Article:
Search Images Maps Play YouTube News Gmail Drive More »
Sign in
Screen reader users: click this link for accessible mode. Accessible mode has the same essential features but works better with your reader.

Patents

  1. Advanced Patent Search
Publication numberUS5450161 A
Publication typeGrant
Application numberUS 08/185,222
Publication dateSep 12, 1995
Filing dateJan 24, 1994
Priority dateMar 11, 1991
Fee statusPaid
Also published asDE69227052D1, DE69227052T2, EP0503572A2, EP0503572A3, EP0503572B1
Publication number08185222, 185222, US 5450161 A, US 5450161A, US-A-5450161, US5450161 A, US5450161A
InventorsHarunobu Ichinose
Original AssigneeCanon Kabushiki Kaisha
Export CitationBiBTeX, EndNote, RefMan
External Links: USPTO, USPTO Assignment, Espacenet
Manual focus camera having focus detecting means
US 5450161 A
Abstract
A camera comprises a manual operation member, a converting device for converting the output of the operation of the manual operation member into electric signal which indicate at least the driving direction of a focus lens, a driving device for driving in response to the electric signal a motor which is the driving source for driving the focus lens, a focus detecting device for detecting the focus states of an object, and a controlling device for causing the motor to be stopped forcibly when an in-focus state is detected by the focus detecting device while the motor is driven on the basis of the electric signal. Hence enabling the focus lens to be stopped at an in-focus position accurately to simplify the operation required to obtain an in-focus state.
Images(2)
Previous page
Next page
Claims(16)
What is claimed is:
1. A camera, comprising:
(a) a manual operation member for effecting operational movement;
(b) converting means for converting the movement of said manual operation member into an electric signal, the electric signal indicating at least the driving direction of a focus lens, said converting means generating a pulse signal for a predetermined amount of operational movement of said manual operation member;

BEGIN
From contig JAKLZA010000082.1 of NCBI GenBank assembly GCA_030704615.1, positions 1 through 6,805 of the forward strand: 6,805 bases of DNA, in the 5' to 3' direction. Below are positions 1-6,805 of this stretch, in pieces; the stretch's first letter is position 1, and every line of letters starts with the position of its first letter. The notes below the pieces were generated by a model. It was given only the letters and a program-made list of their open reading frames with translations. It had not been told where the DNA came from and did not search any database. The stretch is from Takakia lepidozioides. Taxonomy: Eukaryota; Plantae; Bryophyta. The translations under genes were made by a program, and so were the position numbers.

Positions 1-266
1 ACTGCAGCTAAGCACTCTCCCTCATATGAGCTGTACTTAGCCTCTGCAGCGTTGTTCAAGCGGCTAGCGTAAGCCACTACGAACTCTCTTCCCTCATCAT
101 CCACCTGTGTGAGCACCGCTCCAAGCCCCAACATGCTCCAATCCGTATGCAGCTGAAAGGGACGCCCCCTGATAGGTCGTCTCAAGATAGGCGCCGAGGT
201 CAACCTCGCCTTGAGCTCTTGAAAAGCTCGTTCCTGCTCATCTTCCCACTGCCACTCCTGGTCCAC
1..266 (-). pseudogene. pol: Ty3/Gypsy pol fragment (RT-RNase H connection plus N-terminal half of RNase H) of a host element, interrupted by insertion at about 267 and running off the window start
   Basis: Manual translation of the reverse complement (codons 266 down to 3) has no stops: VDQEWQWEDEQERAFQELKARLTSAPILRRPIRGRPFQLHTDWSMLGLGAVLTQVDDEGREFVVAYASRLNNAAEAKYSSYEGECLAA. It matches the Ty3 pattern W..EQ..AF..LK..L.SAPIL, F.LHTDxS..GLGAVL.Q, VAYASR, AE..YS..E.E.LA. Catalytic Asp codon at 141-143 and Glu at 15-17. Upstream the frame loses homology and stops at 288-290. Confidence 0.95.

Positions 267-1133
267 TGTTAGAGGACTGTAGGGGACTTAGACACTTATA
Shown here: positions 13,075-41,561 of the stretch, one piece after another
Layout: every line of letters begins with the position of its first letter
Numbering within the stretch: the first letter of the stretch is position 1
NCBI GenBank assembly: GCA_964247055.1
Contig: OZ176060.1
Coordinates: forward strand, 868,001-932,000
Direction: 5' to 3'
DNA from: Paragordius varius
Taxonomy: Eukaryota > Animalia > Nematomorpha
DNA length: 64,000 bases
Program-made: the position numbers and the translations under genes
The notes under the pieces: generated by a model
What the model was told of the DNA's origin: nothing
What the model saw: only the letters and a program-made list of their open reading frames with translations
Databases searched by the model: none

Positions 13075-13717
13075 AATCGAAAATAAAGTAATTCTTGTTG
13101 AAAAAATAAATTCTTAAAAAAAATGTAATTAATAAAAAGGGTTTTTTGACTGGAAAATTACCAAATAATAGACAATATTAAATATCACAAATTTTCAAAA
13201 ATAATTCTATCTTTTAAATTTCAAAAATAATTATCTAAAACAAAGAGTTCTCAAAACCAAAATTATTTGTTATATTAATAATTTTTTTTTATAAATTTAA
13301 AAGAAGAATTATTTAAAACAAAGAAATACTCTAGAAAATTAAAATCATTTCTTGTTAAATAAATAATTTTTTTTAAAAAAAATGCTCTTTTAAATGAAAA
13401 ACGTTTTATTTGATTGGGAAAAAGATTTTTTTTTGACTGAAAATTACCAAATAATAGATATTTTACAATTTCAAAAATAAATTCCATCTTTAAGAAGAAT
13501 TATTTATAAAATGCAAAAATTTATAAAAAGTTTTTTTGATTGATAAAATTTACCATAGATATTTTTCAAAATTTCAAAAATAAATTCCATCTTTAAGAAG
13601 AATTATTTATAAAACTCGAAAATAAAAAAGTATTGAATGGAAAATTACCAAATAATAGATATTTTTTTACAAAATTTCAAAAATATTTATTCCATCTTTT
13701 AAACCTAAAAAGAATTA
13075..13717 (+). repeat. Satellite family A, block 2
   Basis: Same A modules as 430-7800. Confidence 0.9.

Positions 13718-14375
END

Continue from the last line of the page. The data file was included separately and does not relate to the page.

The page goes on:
(c) driving means for driving a step motor in response to the electric signal, the step motor being the driving source for driving the focus lens, said driving means driving the step motor for a predetermined plurality of steps in response to the pulse signal of said converting means;
(d) focus detecting means for detecting the focus state of an object; and
(e) controlling means for causing the step motor to be stopped forcibly when an in-focus state is detected by said focus detecting means during the driving of the step motor for the predetermined plurality of steps in response to the pulse signal of said converting means.
2. A camera according to claim 1, wherein
said manual operation member comprising a rotative operation ring, and said converting means converts the rotational direction and rotational amount of said operation ring into said electric signal.
3. A camera according to claim 1, further comprising:
means for disabling the driving of said step motor for a predetermined period of time subsequent to said step motor having been forcibly stopped by said controlling means if said pulse signal is generated by the movement of said manual operation member.
4. A camera according to claim 2, wherein said converting means causes the rotation of said operation ring to be converted into said pulse signal by a movement detecting sensor.
5. A camera according to claim 1, further comprising:
an image pickup element for converting the image of said object into image pickup signal.
6. A camera according to claim 5, wherein
said focus detecting means detects focus states on the basis of the image pickup signal output from said image pickup element.
7. A camera according to claim 1, wherein said focus lens serves dually to correct the deviation on an image formation plane at the time of a variable power.
8. An optical apparatus, comprising:
(a) a manual operation member for effecting operational movement;